??AYRES PITTSBURGH Berry Spoon

PHOTOS REQUIRED - marks + item
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??AYRES PITTSBURGH Berry Spoon

Postby Aguest » Mon Mar 28, 2016 12:31 am

The only candidate I could find is Joel Sayres but he worked in New York and Connecticut?

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Re: ??AYRES PITTSBURGH Berry Spoon

Postby Aguest » Mon Mar 28, 2016 12:38 am

Englarge Sesame

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Re: ??AYRES PITTSBURGH Berry Spoon

Postby dragonflywink » Mon Mar 28, 2016 4:12 am

Not where I can check any references at the moment, but you might consider looking at 'Ayres' as a surname...

~Cheryl

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Re: ??AYRES PITTSBURGH Berry Spoon

Postby WesternPA » Mon Mar 28, 2016 7:50 pm

There was a John Ayers working in Pittsburgh circa 1811-15, first in partnership with Benjamin Kendrick as Kendrick and Ayers circa 1811, and then alone. The spelling of Ayers would have been potentially variable then, and the spoon would belong to that period. Ayers was listed as a silverplater, as was the partnership, but he (or they) could have made and/or sold a limited amount of solid silver flatware. No other candidates on my lists for Pittsburgh, but perhaps someone else has a better thought. Great piece - I haven't seen that eagle head mark before!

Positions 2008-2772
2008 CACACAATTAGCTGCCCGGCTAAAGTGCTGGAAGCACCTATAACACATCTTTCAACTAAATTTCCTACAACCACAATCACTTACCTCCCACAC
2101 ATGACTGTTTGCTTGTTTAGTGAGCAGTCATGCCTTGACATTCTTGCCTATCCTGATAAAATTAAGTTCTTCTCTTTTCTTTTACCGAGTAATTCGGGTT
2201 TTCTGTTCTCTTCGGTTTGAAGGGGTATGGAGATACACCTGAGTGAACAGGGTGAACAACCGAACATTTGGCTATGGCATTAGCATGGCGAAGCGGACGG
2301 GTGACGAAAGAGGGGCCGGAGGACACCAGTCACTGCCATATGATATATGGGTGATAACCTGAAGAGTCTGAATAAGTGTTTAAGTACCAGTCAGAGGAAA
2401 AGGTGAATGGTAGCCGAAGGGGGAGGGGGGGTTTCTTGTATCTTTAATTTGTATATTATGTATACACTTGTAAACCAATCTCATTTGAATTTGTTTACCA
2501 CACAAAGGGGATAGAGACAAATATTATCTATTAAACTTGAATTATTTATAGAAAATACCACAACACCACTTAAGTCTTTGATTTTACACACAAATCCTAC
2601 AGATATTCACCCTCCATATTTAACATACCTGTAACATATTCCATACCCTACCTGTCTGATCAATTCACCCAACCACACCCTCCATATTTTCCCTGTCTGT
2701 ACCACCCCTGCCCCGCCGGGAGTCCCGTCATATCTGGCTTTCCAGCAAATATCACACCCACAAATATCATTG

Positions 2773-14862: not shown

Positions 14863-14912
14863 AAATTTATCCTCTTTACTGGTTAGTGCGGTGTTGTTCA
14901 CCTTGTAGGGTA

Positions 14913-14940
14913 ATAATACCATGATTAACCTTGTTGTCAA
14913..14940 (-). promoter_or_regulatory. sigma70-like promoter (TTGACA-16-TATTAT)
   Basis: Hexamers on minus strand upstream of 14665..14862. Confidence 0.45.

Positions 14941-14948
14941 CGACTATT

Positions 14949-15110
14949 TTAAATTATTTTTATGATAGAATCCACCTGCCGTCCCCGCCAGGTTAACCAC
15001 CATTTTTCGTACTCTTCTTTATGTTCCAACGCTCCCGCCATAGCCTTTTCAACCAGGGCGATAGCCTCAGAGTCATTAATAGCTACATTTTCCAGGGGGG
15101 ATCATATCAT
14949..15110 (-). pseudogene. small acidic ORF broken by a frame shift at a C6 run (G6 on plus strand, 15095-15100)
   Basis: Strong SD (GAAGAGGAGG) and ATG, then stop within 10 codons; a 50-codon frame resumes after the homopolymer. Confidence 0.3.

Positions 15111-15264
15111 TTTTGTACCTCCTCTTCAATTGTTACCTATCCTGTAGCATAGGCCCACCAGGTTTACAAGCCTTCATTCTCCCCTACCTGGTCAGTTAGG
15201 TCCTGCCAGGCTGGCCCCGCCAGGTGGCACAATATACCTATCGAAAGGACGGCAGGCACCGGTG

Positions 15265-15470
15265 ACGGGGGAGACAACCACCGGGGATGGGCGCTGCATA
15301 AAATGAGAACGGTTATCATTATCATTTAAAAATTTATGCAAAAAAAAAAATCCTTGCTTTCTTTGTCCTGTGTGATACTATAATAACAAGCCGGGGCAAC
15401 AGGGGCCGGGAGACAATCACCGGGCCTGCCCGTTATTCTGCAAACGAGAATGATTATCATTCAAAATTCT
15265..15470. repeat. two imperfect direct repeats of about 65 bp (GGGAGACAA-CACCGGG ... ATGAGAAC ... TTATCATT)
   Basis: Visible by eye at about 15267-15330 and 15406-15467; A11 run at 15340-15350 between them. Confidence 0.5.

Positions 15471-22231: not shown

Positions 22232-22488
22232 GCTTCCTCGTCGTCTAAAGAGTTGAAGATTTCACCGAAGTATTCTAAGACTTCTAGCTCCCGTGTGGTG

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Re: ??AYRES PITTSBURGH Berry Spoon

Postby Aguest » Tue Mar 29, 2016 12:06 am

It could conceivably be "JOHNAYRES (eagle stamp) PITTSBURGH" because it looks like before the word AYRES there is room for 3 or 4 letters.
I'm trying to upload a pic of the bowl, but it is unlike any fruit spoon I have ever seen. Usually there are immediately recognizable fruits like pineapples and grape clusters and apples. What is strange here is, I can't identify this fruit. It might just be a crude representation of a generalization of a fruit.

There are tiny bright-cut enhancements done to the unknown fruit images inside the bowl.

This is one of the few American Coin Silver Berry Spoons that I have seen, and perhaps it will help with the history of Pennsylvanian Silversmiths in some way it could be a piece of the puzzle.

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Re: ??AYRES PITTSBURGH Berry Spoon

Postby Aguest » Tue Mar 29, 2016 12:57 am

Berry Enlargement

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Re: ??AYRES PITTSBURGH Berry Spoon

Postby Aguest » Tue Mar 29, 2016 1:32 am

John Ayres has a Pittsburgh address in 1815 and his occupation is listed as a Silver Plater.
According to my research, John Ayres moved to New York City and partnered with Stacy Pancoast around 1819 and started a silver plating business.
The historical chronicle insists on the spelling "AYRES" as no other variation was associated with the first name "JOHN".

According to the Museum of the City of New York, no works by Ayres & Pancoast have been recorded and perhaps no example has survived.